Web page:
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About Ethan Wong

Ethan Wong lives right in the middle: he’s too modern for the vintage scene and yet too vintage for classic menswear. When not at work, he spends his time writing and taking pictures for his blog, Street x Sprezza, which is all about bringing vintage style into the modern day. With a large collection of thrifted vintage and contemporary clothing, he often wonders when his closet will finally implode.

7 thoughts on “Menswear Thrifting: a Smart, Ethical Way to Shop

  1. Hello Ethan!

    First off, being a menswear enthusiast, I just LOVE your site! Well done!

    Secondly: It has been my experience, over many years building my wardrobe, that thrifting is the way to go! I have very often told friends that, most especially in this time of poorly-made clothing made by poorly-paid workers, thrifting is a MUCH better way to spend your money, both economically, and ethically. Not only that, but the THRILL of finding a piece in your size, with handwork galore; knowing it cost, originally $4K, and hanging on a rack for $20…well, there’s nothing to rival it. I was fortunate enough when I was a young actor, to run across a costume designer who was most helpful. I wanted to buy an early-60’s, black mohair suit, and asked where she thought I could find one. (Being an aficionado of vintage clothing stores, I figured she’d know of some…WRONG!) She said, “You won’t. (I’m a 44L) Everything in your size was either made for movie stars, or is in some costume department, never to see the light of day. HOWEVER, if you have the time, go to every thrift store you see. After a while, you’ll get the hang of it, and be able to walk in and walk out in a matter of minutes, as you learn the fabrics, etc.” Well, would you believe, THE NEXT WEEK, I walked into a Salvation Army in Reseda, and there, IN MY SIZE, was a hand-made, BEAUTIFUL, black mohair suit. I had to have it altered a bit, but I’ve worn it ever since. In our house, we call it the “Dean Martin Suit”; hell, the thing almost glows in the dark!

    At any rate, I am happy to read that someone eyes thrifting as I do: With a bit of ethics, as well as excitement. It really burns my ass to know that somewhere in Pakistan, or wherever, some little kids are sewing pants for Old Navy, only so we can buy them for ten bucks, instead of paying a fair-market rate to labor, as well as for the garment. Thrifting is a way to protest, and a way to find things that are made SO very much better!

    Keep up the great work!


  2. You are wearing your trousers much much too high. I am shocked you and the editors cannot see this as it is blatant. It looks terrible and very uncomfortable. The rest of your style is great, except for the cuffing on the trousers, but this may be due to your region being behind the current long lasting trends. Please adjust your trouser height before writing any further articles as it is lowering the credibility of Styleforum.

  3. This is the way I roll. Been thrift-ing basically all my fashion conscious days. Some recent finds; 2 weeks ago at GoodWill for $6.99 (not half price Saturday) a Hickey-Freeman “Boardroom” from Neiman Marcus dark blue blazer in new condition. Pockets still sew shut and cool dark bronze coin buttons along with a perfect fit. Also, same store awhile ago Allen Edmonds Numark blue with white stitching wing tips(wanted a pair for years) with no heel wear just needed a clean and polish in my size $4.99. One more, was talking to a friend about how fantastic it would be to find a Donegal plaid green suit. Truth, one week later found a Harris Tweed in that color (not herring bone) sport jacket from Harrods in London in perfect fit and condition for $$3.49! So give it a try. It’s major fun with tons of good stuff to be found for less than 5 cents on the dollar.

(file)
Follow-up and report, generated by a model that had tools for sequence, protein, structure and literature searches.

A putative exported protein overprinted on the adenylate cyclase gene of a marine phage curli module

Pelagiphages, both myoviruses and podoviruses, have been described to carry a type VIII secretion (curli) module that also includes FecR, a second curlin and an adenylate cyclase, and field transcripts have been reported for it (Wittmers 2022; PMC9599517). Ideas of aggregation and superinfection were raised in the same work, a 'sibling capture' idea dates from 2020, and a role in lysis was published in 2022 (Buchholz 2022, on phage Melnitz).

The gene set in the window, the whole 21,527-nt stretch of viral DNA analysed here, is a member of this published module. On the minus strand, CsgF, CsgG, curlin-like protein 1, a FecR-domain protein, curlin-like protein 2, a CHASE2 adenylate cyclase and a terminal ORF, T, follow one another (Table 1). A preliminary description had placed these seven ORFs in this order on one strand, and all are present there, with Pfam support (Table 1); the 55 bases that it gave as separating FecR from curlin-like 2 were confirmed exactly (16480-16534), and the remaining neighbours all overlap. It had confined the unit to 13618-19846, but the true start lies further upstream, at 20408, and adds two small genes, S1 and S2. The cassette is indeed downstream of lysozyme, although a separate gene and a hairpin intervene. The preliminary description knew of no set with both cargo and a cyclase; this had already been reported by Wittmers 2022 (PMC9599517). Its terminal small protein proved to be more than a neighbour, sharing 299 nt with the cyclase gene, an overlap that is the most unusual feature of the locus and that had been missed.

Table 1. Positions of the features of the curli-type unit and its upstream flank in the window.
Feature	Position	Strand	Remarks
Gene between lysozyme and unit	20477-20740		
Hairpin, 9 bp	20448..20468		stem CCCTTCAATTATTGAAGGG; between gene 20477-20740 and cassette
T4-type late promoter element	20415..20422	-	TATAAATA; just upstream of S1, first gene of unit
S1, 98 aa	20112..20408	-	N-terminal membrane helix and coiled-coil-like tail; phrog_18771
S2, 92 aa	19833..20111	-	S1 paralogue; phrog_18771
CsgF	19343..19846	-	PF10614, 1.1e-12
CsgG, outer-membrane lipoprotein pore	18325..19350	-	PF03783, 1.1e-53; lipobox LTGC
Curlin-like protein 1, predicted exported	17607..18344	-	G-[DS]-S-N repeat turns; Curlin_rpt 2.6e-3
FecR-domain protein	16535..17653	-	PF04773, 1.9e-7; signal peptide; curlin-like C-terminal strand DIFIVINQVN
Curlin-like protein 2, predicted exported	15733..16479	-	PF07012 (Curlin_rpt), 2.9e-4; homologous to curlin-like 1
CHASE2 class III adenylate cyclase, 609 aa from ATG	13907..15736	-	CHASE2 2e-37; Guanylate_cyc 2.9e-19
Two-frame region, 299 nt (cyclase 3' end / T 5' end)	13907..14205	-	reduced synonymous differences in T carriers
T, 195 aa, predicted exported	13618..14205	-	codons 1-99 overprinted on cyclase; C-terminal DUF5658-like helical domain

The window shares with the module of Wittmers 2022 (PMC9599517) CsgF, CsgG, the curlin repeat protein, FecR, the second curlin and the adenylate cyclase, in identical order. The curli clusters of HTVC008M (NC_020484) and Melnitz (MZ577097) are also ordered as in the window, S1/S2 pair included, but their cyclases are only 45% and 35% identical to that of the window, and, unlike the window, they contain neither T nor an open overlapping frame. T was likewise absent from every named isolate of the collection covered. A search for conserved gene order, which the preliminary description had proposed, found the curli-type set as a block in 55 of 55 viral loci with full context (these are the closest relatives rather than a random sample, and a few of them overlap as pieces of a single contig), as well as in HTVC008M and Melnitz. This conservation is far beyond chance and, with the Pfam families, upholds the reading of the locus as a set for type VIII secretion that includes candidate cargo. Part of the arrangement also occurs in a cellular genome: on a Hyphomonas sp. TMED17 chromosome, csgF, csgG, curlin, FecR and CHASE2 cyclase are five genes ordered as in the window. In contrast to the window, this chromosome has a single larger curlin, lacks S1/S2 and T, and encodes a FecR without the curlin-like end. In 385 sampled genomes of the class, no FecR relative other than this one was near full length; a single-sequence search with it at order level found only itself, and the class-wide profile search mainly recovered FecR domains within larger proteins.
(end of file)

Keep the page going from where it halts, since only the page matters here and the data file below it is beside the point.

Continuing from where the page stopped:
4. When I was young and poor I bought lots of second hand clothes, especially in the Covent Garden market (best was an 8 GBP 3-piece suit that fit perfectly!), as well as some amazing shops around London (King’s Road, etc.). When I moved to the USA I continued this, but all those shops have gone, as rents have increased tremendously. What is apparent, if you want to hunt, places such as theealreal offer some good stuff (my best buy was a $3000 Jil Sander jacket for $200). But the reality is hunting physically requires much time. I do not have that these days. Just to note, “thrifting” is a North American phrase. But since “step on the gas” is used all the time in the UK, who knows…..

  5. Ethan,
    This a quick note of appreciation for your insights into classic men’s style and tailoring.

    I too have found great success with vintage trousers, ties and overcoats, as well as better, very current men’s shoes and boots. Of the latter, it is no trick to find a excellent pair of Alden, Trickers or Allen Edmonds shoes on eBay for a fraction of their current price.

    Please, keep up your outstanding work!

  6. Ethan, you are consistently one of the more thoughtful and interesting writers around here. “Ethical” shopping is a tough subject because it’s open to so much interpretation. You indicate that for you it is an environmental concern, but there are a lot of other concerns that could be taken into account. For instance, even if it’s second hand, is buying sweatshop made clothing ethical? What is the thrift or consignment store you’re shopping at doing with your money? It’s a rabbit hole in a lot of ways, but good on you for tackling it. Well done and please keep it up.

  7. Impressive write out mate! I can totally understand that ‘cycle’ and I think your choice of words is incredible. As a student myself, thrifting always seems to be the best way to goo. Funnily enough, majority of my favouite pieces are my thrifted ones compared to the one’s I’ve had made/bought in the recent years. Keep up the good work. You are truly an inspiration to the younger guys out there.